Deployed well, data can empower tactical initiatives, streamline operations, clarify strategies across the organization, and help meet the fluid expectations of customers. But breaking with the past and pivoting towards a data-driven future is often easier said than done.
What strategies and approaches have worked for Asia Pacific firms in their journey to successful digitalization and deriving more value from their data? At a virtual event with Snowflake and CDOTrends, participants discussed their data strategies, the impact of the ongoing pandemic on digitalization, and why the cloud is perfect for facilitating data-centric initiatives and capabilities.
The new face of data
According to Geoff Soon, managing director of South Asia at Snowflake, organizations in the Asia Pacific that understand the power of data are growing. Unfortunately, others remain locked in perpetual discussions to move ahead, but not making the move to embrace or integrate data. The result is a growing gulf between those that actively leverage data and those that do not.
The other major trend is a growing trend towards data sharing: “Given the impacts on the macroeconomy, organizations are now far more reliant on upstream and downstream providers; they are far more reliant on third-party data to run their businesses. Increasingly, almost every one of our conversations is about how we can help organizations share data in a way that is respectful of respective data legislations, within the bounds of customer expectations, but also allowing you to unlock new insights.”
Finally, businesses are leveraging curated and near real-time data to create much more customized experiences. Soon praised one of the telecommunication providers in Singapore for offering customer-centric mobile plans that are fully customizable. One benefit of bespoke offerings is the ability to gain granular insights into individual customers, he explained.
“These organizations now know what my previous choices have been. And they have started to leverage that in tailoring offers to me. I think that was quite an interesting piece of innovation from one of the Singapore-based telcos,” he said.
The power of the cloud
But how does the cloud figure in our bold data-centric world? One consideration is the massive talent challenge, and how the cloud alleviates the worst of it as far as IT infrastructure is concerned. “There is a massive talent challenge, and it is not just in Singapore, Malaysia, Thailand, or Indonesia – everyone is fighting for talent,” said Soon.
“I think part of the consideration is the fact that you can operate [cloud] platforms with very few infrastructure people. You still do need people that understand the domain, but by adopting software-as-a-service (SaaS) you can dramatically reduce the amount of manpower required.”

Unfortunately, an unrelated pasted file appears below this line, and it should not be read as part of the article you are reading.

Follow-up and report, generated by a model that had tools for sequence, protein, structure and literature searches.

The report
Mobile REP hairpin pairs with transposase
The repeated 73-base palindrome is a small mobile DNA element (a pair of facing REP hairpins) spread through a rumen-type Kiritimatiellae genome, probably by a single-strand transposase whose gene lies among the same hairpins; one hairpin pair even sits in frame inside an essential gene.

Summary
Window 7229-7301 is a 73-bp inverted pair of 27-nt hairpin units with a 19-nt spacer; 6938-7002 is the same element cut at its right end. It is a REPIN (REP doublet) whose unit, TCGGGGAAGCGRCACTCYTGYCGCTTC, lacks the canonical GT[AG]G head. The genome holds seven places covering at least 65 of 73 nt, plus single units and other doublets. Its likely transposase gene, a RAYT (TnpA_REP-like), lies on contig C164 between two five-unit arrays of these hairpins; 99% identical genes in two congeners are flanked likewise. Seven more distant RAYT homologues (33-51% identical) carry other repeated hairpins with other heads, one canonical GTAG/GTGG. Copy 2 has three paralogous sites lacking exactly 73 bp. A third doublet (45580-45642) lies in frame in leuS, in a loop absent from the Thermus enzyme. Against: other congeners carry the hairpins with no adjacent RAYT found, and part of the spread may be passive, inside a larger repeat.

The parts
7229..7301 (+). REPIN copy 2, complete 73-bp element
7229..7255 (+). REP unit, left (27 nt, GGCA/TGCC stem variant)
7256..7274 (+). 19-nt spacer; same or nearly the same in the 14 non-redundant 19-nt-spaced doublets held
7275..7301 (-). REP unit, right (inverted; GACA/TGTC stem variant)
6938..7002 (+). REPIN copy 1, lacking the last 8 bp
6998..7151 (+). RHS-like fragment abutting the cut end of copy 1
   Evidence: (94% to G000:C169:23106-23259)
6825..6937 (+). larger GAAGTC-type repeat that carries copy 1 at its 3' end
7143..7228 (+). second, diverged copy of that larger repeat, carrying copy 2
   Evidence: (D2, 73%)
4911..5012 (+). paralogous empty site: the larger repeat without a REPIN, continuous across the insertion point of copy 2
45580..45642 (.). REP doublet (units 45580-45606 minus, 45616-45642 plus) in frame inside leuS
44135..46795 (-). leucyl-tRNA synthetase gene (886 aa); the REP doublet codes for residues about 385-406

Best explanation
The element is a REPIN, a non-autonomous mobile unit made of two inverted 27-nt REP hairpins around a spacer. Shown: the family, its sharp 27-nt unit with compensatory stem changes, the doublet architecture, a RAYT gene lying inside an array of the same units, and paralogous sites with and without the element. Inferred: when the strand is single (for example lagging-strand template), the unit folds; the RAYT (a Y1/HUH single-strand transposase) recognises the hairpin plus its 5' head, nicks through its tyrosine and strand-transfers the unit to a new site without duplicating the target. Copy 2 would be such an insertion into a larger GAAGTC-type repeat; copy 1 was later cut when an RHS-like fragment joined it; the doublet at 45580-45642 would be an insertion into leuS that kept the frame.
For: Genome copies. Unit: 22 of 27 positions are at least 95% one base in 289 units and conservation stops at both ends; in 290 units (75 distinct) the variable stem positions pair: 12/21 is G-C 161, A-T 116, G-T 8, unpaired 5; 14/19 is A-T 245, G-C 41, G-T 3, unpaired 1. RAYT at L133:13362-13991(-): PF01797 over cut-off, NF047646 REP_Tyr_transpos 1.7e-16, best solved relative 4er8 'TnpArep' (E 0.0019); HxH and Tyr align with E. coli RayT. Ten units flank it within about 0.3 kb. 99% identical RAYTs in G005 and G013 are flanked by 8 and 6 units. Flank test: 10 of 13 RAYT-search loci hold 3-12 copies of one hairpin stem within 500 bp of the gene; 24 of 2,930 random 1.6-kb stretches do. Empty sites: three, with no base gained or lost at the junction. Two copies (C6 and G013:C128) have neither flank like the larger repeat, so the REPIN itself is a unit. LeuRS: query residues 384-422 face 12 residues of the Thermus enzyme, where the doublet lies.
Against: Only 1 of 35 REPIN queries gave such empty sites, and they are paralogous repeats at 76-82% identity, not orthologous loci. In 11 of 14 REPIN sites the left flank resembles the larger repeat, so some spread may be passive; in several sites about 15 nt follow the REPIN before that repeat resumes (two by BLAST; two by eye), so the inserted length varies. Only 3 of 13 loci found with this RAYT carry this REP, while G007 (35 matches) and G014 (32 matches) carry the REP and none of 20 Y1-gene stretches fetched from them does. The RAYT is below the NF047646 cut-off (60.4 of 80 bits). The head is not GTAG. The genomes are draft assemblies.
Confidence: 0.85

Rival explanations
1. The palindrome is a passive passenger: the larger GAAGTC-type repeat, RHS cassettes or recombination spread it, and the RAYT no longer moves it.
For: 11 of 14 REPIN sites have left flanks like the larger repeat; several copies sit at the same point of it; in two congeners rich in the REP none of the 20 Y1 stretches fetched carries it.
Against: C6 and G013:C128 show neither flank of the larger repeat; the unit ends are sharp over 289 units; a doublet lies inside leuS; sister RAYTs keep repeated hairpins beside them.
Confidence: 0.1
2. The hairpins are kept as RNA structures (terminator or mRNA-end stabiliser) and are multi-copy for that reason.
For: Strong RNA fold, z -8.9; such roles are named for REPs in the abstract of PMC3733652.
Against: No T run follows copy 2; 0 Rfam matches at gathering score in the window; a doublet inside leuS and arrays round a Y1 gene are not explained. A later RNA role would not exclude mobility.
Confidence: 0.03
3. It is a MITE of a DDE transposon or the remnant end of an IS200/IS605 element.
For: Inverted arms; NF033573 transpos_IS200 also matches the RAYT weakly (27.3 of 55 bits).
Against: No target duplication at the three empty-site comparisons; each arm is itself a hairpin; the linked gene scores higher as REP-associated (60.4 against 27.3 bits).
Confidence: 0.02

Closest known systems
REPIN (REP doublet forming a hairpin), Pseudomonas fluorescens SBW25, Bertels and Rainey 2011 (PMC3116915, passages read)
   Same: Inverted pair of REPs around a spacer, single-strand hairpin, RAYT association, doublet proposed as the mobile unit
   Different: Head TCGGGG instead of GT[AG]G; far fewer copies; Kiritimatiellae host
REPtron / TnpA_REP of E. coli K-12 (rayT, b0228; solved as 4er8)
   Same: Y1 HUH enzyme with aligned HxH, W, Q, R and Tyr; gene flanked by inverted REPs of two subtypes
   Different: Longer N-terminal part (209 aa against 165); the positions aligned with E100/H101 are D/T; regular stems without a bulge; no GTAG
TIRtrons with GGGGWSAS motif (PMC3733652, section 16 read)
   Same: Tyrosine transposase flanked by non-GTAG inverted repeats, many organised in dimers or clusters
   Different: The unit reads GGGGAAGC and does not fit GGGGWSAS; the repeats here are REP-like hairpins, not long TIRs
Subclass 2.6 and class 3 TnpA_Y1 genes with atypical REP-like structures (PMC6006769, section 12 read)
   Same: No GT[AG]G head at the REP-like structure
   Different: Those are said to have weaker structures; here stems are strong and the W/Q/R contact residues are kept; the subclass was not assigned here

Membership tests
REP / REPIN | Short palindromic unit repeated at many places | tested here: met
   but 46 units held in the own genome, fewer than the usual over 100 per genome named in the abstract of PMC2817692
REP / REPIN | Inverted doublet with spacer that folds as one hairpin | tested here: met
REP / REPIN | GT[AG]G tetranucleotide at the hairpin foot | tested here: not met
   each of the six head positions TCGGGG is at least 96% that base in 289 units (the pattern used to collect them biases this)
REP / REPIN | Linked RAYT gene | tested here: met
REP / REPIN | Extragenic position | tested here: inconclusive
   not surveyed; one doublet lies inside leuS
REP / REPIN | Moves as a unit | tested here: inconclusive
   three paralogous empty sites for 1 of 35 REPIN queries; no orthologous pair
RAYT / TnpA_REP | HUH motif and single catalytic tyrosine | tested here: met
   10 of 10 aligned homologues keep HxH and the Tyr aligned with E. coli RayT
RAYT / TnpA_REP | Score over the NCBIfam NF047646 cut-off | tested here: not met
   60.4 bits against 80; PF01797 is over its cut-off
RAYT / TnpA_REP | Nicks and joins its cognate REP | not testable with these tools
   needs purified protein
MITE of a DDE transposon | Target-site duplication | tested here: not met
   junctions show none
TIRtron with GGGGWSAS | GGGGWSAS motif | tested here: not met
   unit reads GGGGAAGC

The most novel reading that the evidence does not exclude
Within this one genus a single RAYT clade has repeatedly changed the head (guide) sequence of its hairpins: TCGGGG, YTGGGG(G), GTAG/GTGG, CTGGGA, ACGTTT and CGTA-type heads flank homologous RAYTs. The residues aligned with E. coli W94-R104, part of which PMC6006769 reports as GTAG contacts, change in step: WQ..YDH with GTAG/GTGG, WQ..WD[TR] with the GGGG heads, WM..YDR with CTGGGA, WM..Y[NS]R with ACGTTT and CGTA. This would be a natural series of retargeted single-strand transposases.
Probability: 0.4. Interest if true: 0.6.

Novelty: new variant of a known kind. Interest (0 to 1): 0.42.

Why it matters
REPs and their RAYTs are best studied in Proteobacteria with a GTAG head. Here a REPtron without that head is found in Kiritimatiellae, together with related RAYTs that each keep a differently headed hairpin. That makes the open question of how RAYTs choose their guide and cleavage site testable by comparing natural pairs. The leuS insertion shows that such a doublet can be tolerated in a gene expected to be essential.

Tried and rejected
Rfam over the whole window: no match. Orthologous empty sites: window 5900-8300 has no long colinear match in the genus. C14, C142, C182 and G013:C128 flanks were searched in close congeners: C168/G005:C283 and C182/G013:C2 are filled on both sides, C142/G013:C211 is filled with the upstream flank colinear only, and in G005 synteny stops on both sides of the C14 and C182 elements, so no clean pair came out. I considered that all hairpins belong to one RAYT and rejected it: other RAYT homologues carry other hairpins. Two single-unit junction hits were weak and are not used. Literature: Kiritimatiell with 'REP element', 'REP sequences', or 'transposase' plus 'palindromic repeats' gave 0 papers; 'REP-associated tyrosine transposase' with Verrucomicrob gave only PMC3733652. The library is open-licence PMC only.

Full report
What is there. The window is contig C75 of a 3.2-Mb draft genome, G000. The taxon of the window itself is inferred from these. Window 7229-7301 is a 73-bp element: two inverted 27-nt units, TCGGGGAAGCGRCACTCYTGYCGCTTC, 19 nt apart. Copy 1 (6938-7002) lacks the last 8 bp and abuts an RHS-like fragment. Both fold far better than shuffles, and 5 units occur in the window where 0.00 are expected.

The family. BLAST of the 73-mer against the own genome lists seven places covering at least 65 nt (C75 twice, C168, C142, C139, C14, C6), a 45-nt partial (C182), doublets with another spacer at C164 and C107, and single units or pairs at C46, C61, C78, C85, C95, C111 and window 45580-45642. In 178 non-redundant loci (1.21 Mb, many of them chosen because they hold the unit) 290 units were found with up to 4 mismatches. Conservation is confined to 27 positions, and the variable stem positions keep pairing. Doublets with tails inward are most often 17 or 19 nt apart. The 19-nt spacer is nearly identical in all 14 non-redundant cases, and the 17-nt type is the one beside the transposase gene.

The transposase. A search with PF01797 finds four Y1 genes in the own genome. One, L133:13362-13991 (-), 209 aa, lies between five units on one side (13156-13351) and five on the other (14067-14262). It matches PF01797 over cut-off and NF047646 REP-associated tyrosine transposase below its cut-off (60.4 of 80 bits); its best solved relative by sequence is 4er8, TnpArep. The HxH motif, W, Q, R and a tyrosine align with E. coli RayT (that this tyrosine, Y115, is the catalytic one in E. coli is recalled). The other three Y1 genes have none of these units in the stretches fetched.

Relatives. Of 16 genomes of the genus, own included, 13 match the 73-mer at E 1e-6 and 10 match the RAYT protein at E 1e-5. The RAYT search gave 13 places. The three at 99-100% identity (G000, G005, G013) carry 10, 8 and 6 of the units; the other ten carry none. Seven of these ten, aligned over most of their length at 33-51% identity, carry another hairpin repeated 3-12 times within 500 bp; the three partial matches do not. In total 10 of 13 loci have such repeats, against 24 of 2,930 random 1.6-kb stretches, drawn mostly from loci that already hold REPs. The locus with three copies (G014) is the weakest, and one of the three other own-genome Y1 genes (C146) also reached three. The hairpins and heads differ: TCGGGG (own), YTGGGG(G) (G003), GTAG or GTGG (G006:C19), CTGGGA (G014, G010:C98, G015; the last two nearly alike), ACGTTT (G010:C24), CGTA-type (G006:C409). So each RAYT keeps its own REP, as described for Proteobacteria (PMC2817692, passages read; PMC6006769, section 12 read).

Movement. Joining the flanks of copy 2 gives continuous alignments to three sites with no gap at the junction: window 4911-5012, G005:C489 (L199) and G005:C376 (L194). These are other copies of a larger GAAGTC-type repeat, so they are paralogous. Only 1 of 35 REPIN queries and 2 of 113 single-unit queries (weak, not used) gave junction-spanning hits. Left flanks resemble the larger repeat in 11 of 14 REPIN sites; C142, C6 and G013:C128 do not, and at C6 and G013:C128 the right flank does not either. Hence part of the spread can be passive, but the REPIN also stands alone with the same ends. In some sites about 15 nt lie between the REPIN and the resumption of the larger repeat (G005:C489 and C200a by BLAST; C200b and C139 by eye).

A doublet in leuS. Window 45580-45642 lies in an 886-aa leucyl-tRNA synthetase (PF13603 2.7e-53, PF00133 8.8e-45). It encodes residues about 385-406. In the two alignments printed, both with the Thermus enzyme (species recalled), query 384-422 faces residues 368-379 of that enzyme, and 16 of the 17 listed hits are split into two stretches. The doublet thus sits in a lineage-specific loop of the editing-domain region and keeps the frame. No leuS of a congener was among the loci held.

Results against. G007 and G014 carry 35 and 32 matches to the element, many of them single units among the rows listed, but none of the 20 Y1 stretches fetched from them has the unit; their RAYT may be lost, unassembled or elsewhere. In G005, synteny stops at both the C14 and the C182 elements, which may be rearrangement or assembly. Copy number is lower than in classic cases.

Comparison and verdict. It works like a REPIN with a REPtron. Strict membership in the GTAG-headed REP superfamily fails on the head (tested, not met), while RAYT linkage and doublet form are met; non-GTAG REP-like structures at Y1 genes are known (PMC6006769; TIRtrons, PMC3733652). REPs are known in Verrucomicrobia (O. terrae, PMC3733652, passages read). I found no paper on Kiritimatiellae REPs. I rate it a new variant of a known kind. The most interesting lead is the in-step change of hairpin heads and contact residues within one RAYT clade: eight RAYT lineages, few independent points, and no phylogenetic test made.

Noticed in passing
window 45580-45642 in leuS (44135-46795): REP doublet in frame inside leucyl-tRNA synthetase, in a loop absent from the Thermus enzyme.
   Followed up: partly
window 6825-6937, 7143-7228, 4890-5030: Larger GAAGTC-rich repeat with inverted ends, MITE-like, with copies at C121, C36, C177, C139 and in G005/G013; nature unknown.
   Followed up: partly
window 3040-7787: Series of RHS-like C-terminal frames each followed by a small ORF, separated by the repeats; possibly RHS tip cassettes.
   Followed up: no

Randy Montesa, who heads the Land Bank of the Philippines, agreed and shared how his team spearheaded the implementation of two solutions based in the cloud. One of them, an agent banking solution, has been used to issue transaction accounts to more than a million unbanked Filipinos to date. “Obviously, this can only happen if our solution is running on the cloud. We have also recently launched our mobile wallet. Again, this runs on the cloud,” he said.
Fong Yin Gan, a senior manager looking after the architecture and technology innovation at Jabil Green Point highlighted some challenges around data governance and standardizing data architectures across various cloud platforms. However, Gan agreed that the cloud is the way forward: “We do recognize that [the cloud] is definitely one of the most important [areas] that we are working on.”
Make the move today
If there is one trend that Soon noticed over the last 12 months, it would be how buy-in at the executive leadership level is a crucial determinant between organizations that thrive or struggle with data. And while the data journey in the cloud might appear daunting at first blush, a strong organizational culture or a strong push from top executives can impart considerable momentum to bring projects to fruition within a much shorter timeframe.
“There is this massive flywheel effect that I've seen in some of our customers where the entire organization gets behind the data transformation or digital transformation initiative. What was perceived to be a five-year project sometimes gets compressed into a much shorter time frame.”
“This is what I hear from our customers: The more people you get on board, the shorter these timeframes for success are. This is probably the one insight that pleasantly surprised me. Sometimes when people can see the value, and they feel that they are part of the journey, it tends to get rolled out much quicker than previously expected,” Soon summed up.
Paul Mah is the editor of DSAITrends. A former system administrator, programmer, and IT lecturer, he enjoys writing both code and prose. You can reach him at [email protected].
Image credit: iStockphoto/vovik_mar